Why Are People so Hot for War with Putin?
Why are some people so hot for war with Russia? I don't just mean the neo cons and the semi-retired cold warriors still half expecting the squadrons of T54s to come rolling across Lüneburg Heath.
I mean the kind of people who up until last week probably couldn't have found the Ukraine on a map, let alone pinpointed Kiev, or even heard of Simferopol.
What has suddenly possessed them to decide that the integrity of an independent Ukraine is of such paramount importance that the leaders of the free west should be prepared to hazard all to prevent the wicked Putin sending any more of his troops into thingummyjig and sealing off the airport of wotsisname?
They're never specific about how far they want us to go, these armchair warriors.
Should it merely involve the conscription of every man between 18 and 30 and the immediate doubling of our defence budget? Or are we to go on a proper, Germany-in-late-'44 Götterdämmerung footing and ready the granddads with their pitchforks and prepare the schoolkids to man the anti-aircraft batteries?
And, if the shit really does kick off, does that mean I get to fly a Harrier Jump Jet.
Because if I do, I must tell you, it will fulfil a longstanding childhood fantasy of mine. Growing up in the Eighties, when General Sir John Hackett had that enormous, bestselling success with his what-if future history The Third World War, a major conflagration with the Soviet Union - possibly ending with the destruction of the whole world - was something all of us British schoolkids half feared and half found rather exciting.
When we did military training at school - aka "corps" - the imaginary enemies we'd be mowing down with our, ahem, WWII issue Lee Enfields - or observing from our school's rubber band launched RAF glider - were Russians.
And when we got all schoolboyishly excited about this new aircraft called the MRCA (Multi-Role Combat Aircraft), later to be renamed the Tornado, it wasn't some theoretical piece of pointless kit like all the jazzy new fighter aircraft are now.
It actually mattered to us that the plane represented some kind of important technological leap because if it didn't, how on earth were we to fend off all the Soviet Foxbats and stop our mothers and sisters being raped by the advancing red peril?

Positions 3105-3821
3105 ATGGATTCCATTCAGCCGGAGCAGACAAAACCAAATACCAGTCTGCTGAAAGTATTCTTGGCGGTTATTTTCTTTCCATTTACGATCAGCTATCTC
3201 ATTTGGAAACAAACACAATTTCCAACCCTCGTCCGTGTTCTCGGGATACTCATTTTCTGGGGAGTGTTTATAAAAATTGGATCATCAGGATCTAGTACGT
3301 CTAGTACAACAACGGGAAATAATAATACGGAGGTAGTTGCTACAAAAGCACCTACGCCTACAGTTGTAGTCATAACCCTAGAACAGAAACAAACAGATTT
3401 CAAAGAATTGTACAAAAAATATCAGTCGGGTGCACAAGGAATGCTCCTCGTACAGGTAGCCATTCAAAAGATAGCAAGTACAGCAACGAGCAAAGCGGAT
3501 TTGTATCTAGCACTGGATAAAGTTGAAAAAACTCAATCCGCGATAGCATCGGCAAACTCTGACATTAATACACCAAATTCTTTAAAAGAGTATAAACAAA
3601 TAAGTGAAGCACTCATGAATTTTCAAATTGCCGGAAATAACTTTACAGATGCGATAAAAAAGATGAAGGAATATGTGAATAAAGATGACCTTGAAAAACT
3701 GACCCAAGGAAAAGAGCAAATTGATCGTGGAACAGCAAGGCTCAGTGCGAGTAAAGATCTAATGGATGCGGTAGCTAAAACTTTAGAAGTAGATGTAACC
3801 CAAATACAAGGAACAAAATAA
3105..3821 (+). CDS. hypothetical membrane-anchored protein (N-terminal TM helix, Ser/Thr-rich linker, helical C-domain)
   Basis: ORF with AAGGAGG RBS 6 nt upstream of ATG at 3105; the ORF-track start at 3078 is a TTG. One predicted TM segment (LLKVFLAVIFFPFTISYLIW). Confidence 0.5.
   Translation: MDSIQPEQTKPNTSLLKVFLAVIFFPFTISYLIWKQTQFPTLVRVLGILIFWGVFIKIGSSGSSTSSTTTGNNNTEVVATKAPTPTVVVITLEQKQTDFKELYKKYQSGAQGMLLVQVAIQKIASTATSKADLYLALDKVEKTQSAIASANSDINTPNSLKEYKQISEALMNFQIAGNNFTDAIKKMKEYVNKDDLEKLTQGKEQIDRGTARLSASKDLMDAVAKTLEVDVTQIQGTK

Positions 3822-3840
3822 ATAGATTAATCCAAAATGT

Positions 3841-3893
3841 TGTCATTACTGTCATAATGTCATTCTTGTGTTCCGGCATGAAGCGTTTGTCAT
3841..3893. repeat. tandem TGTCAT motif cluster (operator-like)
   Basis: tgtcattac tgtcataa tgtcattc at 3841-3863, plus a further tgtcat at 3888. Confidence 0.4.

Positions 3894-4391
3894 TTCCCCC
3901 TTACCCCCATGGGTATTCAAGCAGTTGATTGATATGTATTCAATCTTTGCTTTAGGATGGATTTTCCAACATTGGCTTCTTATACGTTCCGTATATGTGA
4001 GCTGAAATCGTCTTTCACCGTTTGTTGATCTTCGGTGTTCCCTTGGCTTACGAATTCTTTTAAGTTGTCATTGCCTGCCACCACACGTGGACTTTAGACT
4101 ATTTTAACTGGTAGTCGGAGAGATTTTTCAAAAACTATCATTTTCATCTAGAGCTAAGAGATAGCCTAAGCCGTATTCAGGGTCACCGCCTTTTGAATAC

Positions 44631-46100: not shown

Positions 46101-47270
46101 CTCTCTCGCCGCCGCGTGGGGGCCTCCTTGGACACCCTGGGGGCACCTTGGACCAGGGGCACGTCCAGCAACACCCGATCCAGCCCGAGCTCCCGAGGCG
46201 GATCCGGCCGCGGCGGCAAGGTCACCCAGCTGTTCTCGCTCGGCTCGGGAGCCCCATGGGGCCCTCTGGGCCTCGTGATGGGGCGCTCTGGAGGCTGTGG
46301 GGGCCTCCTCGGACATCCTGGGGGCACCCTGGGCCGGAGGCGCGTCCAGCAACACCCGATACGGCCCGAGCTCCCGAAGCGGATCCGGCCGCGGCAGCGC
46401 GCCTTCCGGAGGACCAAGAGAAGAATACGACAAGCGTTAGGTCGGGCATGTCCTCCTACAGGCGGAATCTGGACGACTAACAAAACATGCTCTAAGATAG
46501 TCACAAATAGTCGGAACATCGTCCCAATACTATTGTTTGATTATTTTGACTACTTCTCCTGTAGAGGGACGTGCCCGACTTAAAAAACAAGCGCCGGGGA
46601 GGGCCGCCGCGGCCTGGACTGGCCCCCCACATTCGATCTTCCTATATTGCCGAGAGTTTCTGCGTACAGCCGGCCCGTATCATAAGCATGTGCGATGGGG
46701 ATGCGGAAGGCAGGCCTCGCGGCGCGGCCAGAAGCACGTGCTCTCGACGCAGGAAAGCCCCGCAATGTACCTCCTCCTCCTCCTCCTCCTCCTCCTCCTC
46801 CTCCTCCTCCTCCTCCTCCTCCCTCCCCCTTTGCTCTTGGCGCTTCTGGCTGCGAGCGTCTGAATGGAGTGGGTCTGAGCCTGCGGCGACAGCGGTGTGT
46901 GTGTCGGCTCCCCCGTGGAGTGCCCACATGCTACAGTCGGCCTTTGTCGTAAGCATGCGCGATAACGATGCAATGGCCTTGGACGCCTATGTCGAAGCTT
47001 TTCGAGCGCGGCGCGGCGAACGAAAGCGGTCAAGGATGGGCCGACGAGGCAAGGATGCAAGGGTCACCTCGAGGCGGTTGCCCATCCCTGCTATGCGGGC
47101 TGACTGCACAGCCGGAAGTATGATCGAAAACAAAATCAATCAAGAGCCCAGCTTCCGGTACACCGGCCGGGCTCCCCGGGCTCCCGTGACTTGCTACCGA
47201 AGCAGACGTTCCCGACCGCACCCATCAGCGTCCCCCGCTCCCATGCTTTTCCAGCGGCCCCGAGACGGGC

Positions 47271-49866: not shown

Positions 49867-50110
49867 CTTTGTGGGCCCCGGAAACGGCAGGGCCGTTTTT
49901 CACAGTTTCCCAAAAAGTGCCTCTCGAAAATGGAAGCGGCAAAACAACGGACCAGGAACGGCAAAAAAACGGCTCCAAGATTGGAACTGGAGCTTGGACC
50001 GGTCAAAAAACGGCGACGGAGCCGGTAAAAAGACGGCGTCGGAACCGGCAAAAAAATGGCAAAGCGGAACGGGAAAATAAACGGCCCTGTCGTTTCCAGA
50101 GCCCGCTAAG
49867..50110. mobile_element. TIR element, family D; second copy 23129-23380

American schoolchildren of the era, we know, felt just the same way. The tagline of 1984's Red Dawn was: "In our time no foreign army has ever occupied American soil. Until now."
Fast forward to the present and does anyone, anywhere in Western Europe or North America, seriously imagine that Putin's Russia poses a threat even remotely comparable to the one once offered by the Soviet Union in the bad days of the Cold War?
Unfortunately that isn't a rhetorical question.
On Breitbart Radio last night, the admirable Frank Gaffney - a former defence adviser to the man who did more than anyone to bring about the end of the Cold War, Ronald Reagan - was ramping up the rhetoric about global conflagration.
And we know that on both sides of the Atlantic, hawkish politicians are using Ukraine as a stick with which to beat their non-interventionist opponents.
In the US President Obama has been castigated - not unreasonably, it must be said - for making empty threats. (If you're going to make threats, be prepared to carry them through - or don't make them in the first place).
In Britain, we've had the rather nauseating spectacle of senior Cameroons using Ukraine as a way of getting back at the Labour opposition for having rejected their utterly stupid plan to intervene in Syria.
Our sabre-rattling over Syria - a war we could never hope to understand, let alone improve with intervention - was pointless.
Our bluster that something ought to be done over the Ukraine is even more so. It is a quarrel in a far-away country between people who, thanks to the internet and modern news reporting, we now know quite a bit.
And everything we have gleaned about them ought to tell us this: Sorry. Not our problem.